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Journal of surgical oncology


Aged; Cohort Studies; Databases, Factual; Female; Head and Neck Neoplasms; Humans; Male; Melanoma; Middle Aged; Neoplasm Staging; Prognosis; Scalp; Skin Neoplasms; Survival Rate


BACKGROUND AND OBJECTIVES: For patients with cutaneous melanoma, primary tumors located in the head and neck is associated with poor outcomes. The reason for this difference and whether it is applicable to all locations within the head and neck remains unclear. We hypothesized that scalp melanoma is uniquely distinguished from other anatomic sites and is independently responsible for the poor prognosis of head and neck melanoma.

METHODS: Query and analysis of a prospectively maintained melanoma database of all patients treated for primary cutaneous melanoma from 1971 to 2010.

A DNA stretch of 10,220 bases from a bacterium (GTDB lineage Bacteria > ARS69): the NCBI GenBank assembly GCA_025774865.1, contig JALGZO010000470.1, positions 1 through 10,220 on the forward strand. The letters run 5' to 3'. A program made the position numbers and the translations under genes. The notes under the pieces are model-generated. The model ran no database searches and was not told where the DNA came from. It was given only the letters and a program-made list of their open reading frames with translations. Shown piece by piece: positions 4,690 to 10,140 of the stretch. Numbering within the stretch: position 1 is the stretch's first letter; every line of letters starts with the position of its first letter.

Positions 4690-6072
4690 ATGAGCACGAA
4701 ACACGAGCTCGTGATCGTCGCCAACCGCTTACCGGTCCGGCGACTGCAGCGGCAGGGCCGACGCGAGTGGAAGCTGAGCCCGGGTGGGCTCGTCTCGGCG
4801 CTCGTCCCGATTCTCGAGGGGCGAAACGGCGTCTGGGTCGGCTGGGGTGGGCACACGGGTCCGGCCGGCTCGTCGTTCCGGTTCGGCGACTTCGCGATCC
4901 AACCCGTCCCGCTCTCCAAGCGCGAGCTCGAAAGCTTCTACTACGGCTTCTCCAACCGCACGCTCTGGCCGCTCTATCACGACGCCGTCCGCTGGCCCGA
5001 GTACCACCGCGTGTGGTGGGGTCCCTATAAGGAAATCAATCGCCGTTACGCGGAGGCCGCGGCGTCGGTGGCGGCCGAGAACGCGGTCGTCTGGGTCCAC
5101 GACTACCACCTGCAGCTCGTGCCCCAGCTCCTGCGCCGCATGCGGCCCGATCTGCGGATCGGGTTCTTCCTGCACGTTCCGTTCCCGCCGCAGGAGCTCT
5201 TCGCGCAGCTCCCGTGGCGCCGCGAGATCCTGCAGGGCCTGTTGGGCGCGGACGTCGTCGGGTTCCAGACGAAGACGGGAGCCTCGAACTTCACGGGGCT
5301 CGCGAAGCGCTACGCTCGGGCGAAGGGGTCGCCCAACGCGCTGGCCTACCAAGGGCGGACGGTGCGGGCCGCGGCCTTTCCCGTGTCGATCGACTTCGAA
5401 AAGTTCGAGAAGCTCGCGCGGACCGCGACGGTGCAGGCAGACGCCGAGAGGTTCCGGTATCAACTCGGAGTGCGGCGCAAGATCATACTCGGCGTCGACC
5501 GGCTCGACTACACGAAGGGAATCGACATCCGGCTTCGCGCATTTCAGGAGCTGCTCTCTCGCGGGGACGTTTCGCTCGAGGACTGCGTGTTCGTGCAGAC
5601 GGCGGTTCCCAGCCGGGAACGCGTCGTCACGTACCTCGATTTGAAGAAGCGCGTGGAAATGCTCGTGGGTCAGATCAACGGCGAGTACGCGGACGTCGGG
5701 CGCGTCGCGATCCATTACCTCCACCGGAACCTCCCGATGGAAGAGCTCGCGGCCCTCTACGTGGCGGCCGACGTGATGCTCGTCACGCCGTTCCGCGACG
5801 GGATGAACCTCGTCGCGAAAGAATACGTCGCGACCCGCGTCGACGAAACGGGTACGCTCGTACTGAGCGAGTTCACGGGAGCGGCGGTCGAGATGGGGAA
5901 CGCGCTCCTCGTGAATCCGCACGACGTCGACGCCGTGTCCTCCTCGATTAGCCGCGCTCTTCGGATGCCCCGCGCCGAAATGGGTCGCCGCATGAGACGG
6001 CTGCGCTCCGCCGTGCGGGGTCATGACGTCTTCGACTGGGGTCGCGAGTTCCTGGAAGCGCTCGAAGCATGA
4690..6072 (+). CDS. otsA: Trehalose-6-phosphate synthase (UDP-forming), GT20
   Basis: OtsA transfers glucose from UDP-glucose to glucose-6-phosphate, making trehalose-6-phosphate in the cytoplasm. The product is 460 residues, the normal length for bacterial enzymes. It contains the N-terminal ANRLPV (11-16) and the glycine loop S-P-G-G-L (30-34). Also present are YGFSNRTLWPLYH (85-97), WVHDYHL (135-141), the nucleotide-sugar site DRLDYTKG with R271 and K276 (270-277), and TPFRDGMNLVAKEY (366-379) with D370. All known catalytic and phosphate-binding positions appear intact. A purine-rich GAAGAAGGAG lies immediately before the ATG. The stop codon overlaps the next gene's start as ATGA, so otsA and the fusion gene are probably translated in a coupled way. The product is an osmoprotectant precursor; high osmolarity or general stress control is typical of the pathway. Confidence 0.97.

RESULTS: Of 11 384 patients identified, 7% (n = 799) of lesions originated on the scalp. Scalp primaries were more often found in males and were associated with increased Breslow thickness and were more frequently ulcerated compared to all other anatomic sites (P = 0.0001). On multivariate analysis, scalp location was an independent predictor of worse melanoma-specific (HR 1.75; CI 1.50-2.04; P < 0.0001) and overall survival (HR 1.62; CI 1.41-1.86; P < 0.0001).

CONCLUSIONS: This, the largest series examining scalp melanoma, confirms that scalp location is independently responsible for the negative prognosis associated with head and neck melanoma. Although the pathophysiology of this difference remains to be determined, these data argue for more rigorous surveillance of this anatomic location.

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